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U.S. General Warns Afghan Deadline Encouraging Taliban

  • RFE/RL

U.S. Marines carry a wounded comrade to a waiting medevac helicopter near the town of Marjah in Helmand Province.

U.S. Marines carry a wounded comrade to a waiting medevac helicopter near the town of Marjah in Helmand Province.

A senior U.S. general has expressed concern that President Barack Obama's July 2011 deadline to start withdrawing troops out of Afghanistan is encouraging the Taliban.

General James Conway, head of the U.S. Marine Corps, also warned that it would likely take a few years before southern Afghanistan is secure enough for the Marines to leave.

Speaking at an August 24 press conference in Washington following a visit to Afghanistan, Conway expressed concern the deadline may signal to the Taliban that the United States was preparing to wind down the war.

"In terms of the July issue, you know, I think if you follow it closely, and of course we all do, we know the president was talking to several audiences at the same time when he made his comments on July 2011," Conway said.

"In some ways, we think, right now, it's probably giving our enemy sustenance. We think that he [the enemy] may be saying to himself -- in fact we've intercepted communications that say, 'Hey, you know, we only have to hold out for so long.'"

Afghan security analyst and former senior military officer Amrullah Aman agrees, telling RFE/RL’s Radio Free Afghanistan that despite "all these comments from European countries and America, I think they will withdraw only a small number of troops. I am confident that they will fill the gap with new forces, but it will increase the morale of the enemy and will give their recruitment a boost."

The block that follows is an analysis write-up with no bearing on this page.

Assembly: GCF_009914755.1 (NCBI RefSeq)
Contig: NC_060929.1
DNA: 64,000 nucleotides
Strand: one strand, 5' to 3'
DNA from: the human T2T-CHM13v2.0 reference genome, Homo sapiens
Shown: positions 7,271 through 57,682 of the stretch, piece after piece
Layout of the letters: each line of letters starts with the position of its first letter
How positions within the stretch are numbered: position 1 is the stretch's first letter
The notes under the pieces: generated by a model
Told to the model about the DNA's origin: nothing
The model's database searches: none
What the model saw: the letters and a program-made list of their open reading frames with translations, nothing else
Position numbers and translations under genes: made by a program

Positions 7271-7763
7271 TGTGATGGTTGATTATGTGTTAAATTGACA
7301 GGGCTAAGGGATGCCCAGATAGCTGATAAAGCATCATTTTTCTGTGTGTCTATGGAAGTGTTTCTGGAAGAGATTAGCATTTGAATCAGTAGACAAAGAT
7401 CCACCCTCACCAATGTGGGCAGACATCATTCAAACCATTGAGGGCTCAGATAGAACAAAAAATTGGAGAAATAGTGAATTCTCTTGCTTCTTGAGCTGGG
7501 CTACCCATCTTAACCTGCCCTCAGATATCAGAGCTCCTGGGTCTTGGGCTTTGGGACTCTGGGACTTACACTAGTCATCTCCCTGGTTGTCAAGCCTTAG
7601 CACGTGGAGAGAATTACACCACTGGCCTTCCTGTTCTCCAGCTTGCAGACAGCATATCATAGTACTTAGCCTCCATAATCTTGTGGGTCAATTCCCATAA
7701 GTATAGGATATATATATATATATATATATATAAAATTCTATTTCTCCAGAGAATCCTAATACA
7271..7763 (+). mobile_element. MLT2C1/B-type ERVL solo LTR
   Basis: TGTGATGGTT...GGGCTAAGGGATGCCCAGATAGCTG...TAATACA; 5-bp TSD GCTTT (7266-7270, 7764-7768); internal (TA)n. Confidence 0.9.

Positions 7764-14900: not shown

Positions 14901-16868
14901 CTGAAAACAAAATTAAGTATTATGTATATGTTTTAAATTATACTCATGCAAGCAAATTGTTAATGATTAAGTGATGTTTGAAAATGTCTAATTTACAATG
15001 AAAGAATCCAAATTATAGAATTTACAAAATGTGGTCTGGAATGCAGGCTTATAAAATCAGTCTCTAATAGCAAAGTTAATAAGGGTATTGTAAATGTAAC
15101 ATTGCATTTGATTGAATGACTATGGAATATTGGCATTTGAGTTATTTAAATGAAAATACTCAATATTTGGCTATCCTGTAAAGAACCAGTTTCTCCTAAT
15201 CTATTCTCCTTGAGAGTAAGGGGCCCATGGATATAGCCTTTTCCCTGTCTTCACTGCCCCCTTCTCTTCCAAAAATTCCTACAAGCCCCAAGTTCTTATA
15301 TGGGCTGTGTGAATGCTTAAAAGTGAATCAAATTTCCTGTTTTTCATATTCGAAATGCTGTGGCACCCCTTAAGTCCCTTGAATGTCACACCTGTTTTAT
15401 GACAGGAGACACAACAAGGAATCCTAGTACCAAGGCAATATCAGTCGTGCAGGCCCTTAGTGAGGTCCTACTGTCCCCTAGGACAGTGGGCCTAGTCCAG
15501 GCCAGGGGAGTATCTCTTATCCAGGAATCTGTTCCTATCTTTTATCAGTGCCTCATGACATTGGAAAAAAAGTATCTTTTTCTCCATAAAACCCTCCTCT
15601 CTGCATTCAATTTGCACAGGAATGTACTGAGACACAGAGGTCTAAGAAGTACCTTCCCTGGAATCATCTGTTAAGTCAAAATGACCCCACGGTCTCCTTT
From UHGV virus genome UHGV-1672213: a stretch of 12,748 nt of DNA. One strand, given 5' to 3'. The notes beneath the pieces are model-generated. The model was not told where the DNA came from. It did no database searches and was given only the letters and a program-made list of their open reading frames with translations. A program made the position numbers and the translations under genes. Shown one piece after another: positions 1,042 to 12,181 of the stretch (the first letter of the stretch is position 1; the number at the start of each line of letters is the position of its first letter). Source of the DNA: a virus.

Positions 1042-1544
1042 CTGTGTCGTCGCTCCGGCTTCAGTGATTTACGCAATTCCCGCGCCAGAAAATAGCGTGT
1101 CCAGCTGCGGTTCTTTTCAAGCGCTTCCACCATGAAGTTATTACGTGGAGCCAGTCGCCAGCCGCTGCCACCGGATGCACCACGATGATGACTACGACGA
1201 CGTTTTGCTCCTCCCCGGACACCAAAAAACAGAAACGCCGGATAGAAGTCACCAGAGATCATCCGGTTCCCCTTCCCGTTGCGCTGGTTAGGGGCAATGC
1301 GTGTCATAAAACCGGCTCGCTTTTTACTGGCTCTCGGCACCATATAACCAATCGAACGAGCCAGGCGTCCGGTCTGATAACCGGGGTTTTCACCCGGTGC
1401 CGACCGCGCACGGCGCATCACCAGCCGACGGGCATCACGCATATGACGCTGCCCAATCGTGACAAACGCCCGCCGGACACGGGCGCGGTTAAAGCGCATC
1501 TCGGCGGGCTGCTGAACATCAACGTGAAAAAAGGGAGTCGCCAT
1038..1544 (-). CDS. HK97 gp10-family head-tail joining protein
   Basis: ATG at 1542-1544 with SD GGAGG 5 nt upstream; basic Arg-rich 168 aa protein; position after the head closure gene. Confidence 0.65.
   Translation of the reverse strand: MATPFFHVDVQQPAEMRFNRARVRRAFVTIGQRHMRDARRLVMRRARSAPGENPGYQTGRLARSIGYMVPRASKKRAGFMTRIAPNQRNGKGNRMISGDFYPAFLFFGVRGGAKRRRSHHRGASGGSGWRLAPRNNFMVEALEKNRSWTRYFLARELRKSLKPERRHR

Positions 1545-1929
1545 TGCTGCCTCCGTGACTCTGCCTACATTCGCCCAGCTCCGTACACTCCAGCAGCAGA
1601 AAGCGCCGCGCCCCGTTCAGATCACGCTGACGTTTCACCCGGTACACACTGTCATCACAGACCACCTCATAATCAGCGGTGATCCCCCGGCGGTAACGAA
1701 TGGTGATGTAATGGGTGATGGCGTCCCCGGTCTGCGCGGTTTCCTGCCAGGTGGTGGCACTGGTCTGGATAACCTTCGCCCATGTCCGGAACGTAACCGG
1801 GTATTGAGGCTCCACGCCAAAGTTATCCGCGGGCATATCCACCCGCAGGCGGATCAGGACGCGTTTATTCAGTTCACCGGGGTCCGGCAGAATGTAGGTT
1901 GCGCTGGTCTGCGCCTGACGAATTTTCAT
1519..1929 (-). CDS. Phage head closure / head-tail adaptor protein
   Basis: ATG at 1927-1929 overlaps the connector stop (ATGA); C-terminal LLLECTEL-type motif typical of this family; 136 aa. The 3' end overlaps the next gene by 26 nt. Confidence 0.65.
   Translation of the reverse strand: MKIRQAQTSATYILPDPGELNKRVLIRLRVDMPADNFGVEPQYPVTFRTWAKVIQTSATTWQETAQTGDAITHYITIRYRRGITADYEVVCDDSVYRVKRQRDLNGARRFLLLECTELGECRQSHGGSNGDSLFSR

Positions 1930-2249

Conway's assessment is expected to fuel debate over Obama's war strategy, providing ammunition for U.S. politicians who have criticized the deadline as showing a lack of resolve.

Obama has said security conditions would determine how many U.S. troops can leave Afghanistan, and how fast. He and his supporters defend the deadline as a way of pushing Afghan leaders to act quickly to take charge of their security.

But Conway said Afghan units "somewhere" may be able to take the lead in security, but not in the south.

Speaking of Marines in the southern provinces of Helmand and Kandahar, the general, who is due to retire in the fall, said Afghan National Army and police forces will not be ready to take over from foreign troops for at least "a few years."

For that reason, he said he wants to prepare Marines for the likelihood that the war will continue past the 2011 deadline.

'Blow To Morale'

Conway added that Taliban fighters would likely suffer a blow to morale when they find that no major withdrawal is on the horizon among U.S. forces deployed in the Taliban heartland of southern Afghanistan.

"If you accept what I offered earlier as true, that Marines will be there after 2011, OK, after the middle of 2011, what's the enemy going to say then? You know, what is he going to say to his foot troops, where you've got the leadership outside the country trying to direct operations within because it's too dangerous for them to be there?" Conway said.

"And the foot troops have been believing what he's saying, that they're all going to leave in the summer of next year, and come the fall we're still there hammering them like we have been. I think it could be very good for us in that context."

Foreign troops fighting the Taliban operate under U.S. and NATO command against a Taliban-led insurgency that has been strengthening.

Reports say some 460 of the international soldiers have been killed in Afghanistan so far this year, compared with 520 for the whole of last year.

Conway announced that 30,000 U.S. troops had arrived in Afghanistan earlier this month, putting the number of U.S. troops close to 100,000.

He spoke a day after Lieutenant General William Caldwell, commander of the NATO Training Mission and of the Combined Security Transition Command in Afghanistan, said Afghanistan remains more than a year away from building a security force with enough soldiers and police to protect the country.

with agency reports
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